My family and I are three years into owning our first home, and today we crossed the final—and largest step—in our process to make the house more energy efficient, with the installation of solar panels.
Transforming your home into a living space running on sustainable energy can feel daunting, but when you take it one step at a time, it’s much easier than it seems. We knew from the moment we moved into our house that we would need to make some upgrades, so we started with an energy audit to determine exactly what we needed to do.
What Is an Audit?
Think of a home energy audit as a checkup for your house. Cracks and crevices around doors and windows, attics that aren’t insulated, and unmaintained air-conditioning and heating systems are all ways energy can escape. They waste not only a precious resource but money, too. Doing an audit helps identify those problem areas so you can make fixes and prevent energy waste.
A professional auditor will usually start by taking a look at your utility bills to see the history of your energy use and costs. Then he will do a walk-through of you home, assessing both the outside and the interior. He might use special tools, like a thermographic scanner, to determine where energy is concentrated and escaping.
Some local utility companies offer auditing programs or can recommend a private company to perform an audit. You can also check the Residential Energy Services Network for listings of certified energy auditors.
While a professional audit does typically have a fee of a few hundred dollars, completing the process and making fixes will save you more in energy costs in the long run.
How to Do It Yourself
If you don’t have the budget to perform a professional energy audit, you can still do one yourself. The first step is to check for air leaks. Look around doorways, window frames, plumbing fixtures, and electrical outlets.
You also want to check your attic to make sure it’s properly insulated and that vents aren’t covered by insulation. Schedule an annual maintenance for your cooling and heating system to check the ducts and machine.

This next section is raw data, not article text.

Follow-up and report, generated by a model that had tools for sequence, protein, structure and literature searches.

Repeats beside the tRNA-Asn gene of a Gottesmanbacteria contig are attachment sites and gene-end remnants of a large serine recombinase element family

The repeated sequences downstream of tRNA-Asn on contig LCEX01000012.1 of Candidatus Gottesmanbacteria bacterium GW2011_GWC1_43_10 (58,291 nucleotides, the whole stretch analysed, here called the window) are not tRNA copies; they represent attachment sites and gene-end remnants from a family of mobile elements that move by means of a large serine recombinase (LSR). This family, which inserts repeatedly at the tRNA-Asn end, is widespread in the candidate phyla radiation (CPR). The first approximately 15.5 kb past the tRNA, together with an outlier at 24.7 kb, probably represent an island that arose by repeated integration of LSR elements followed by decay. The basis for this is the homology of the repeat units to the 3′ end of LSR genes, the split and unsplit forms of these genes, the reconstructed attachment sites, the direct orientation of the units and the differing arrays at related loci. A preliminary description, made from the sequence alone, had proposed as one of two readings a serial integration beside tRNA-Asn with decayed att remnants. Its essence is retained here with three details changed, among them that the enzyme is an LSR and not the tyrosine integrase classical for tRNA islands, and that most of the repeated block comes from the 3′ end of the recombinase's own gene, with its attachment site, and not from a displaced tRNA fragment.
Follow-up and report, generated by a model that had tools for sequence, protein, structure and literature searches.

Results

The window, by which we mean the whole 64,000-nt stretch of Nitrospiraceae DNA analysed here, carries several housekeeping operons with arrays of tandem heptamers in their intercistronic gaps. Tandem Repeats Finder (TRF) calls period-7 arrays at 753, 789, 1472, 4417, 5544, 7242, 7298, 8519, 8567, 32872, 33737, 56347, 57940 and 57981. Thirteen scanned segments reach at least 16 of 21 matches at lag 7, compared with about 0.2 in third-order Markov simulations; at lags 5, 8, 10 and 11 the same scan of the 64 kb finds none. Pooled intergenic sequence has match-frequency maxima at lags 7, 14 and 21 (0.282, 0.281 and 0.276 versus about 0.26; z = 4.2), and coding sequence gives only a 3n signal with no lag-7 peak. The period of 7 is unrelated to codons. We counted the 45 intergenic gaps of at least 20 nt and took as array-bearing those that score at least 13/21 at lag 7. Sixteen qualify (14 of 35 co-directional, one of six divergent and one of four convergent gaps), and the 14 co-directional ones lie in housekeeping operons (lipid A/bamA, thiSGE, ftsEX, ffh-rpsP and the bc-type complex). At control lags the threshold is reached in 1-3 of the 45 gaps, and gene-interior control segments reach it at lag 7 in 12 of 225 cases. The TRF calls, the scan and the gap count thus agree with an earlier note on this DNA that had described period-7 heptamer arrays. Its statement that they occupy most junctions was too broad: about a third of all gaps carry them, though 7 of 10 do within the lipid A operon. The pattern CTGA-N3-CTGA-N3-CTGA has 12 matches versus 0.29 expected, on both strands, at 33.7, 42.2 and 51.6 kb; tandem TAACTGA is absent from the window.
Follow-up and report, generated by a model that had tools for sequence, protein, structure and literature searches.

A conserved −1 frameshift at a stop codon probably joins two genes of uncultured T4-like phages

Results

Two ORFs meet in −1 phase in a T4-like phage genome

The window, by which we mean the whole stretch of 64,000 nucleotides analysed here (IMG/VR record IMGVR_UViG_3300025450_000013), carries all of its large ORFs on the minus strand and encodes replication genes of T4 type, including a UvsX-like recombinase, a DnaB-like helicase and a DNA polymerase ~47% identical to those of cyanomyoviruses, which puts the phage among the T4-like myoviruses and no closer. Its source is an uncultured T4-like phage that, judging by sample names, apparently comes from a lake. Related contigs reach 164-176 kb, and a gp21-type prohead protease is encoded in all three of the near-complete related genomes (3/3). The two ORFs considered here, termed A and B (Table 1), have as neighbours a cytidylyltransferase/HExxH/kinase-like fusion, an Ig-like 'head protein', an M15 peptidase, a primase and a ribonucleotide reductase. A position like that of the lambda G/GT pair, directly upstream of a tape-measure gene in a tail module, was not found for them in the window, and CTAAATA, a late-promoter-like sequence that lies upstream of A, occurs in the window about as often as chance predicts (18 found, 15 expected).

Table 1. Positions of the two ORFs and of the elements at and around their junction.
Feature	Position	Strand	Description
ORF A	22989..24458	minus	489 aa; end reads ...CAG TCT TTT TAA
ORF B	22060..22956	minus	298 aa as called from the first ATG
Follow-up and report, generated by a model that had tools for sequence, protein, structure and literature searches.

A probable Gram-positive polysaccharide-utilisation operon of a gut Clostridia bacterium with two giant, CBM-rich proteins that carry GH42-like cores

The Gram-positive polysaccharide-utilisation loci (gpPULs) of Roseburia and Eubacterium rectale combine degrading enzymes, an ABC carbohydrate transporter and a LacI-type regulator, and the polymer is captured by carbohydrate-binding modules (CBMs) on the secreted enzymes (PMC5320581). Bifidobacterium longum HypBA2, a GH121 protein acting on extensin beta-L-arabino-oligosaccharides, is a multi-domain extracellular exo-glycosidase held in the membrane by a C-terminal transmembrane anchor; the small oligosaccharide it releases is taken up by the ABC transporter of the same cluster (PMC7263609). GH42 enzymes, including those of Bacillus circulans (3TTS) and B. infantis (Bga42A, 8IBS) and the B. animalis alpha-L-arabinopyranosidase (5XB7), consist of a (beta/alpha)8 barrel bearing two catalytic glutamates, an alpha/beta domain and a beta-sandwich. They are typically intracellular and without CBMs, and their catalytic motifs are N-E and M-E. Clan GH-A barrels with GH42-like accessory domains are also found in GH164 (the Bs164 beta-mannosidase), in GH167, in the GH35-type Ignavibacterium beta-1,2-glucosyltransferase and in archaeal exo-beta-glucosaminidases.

Next you should examine your lights and make sure you’re using energy-efficient lightbulbs. You can also take a look at your appliances and decide if it’s time for an upgrade. Older refrigerators and washer and dryer units, even when in good condition, can suck up more energy than newer models.
There are some other unseen energy suckers in your home as well, which the U.S. Department of Energy calls “energy vampires.” These are appliances and electronic devices that use energy just by being plugged-in, like your coffee maker and your laptop.
The End Result
Once you have completed your energy audit, it’s time for the real work to begin. After looking over our utility bills and performing a DIY audit of our home, we created a plan of action to minimize our energy waste.
We found leaks around our front and back doors. While many of our appliances are new energy-efficient models already, we learned we could make our lighting more energy efficient by adding Wi-Fi-enabled control. We learned that our thermostat wasn’t measuring temperatures accurately and we would benefit from a newer model.
We also discovered that not only did our attic have zero insulation, but our roof was also damaged. All of these factors contributed to our considerably high energy bills, especially during the summer and winter months.
Performing an audit is just the first step, but it’s an important one. No matter how much time or money you plan to invest in upgrades, knowing exactly what the problem is makes a huge difference. Even small changes, like sealing cracks yourself with caulking, can be inexpensive solutions to the problems you discover, and they can go along way to making your home a sustainable energy hub.
What did you discover about your home after performing an audit? Share your experience with us on Twitter.
Image sources: Pixabay | Sher Warkentin
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Making your home energy efficient is not only good for the environment and building sustainable resources, but it can help save you money, too. An energy audit can determine how energy might be wasted in your home so you can come up with a plan for fixes, both big and small.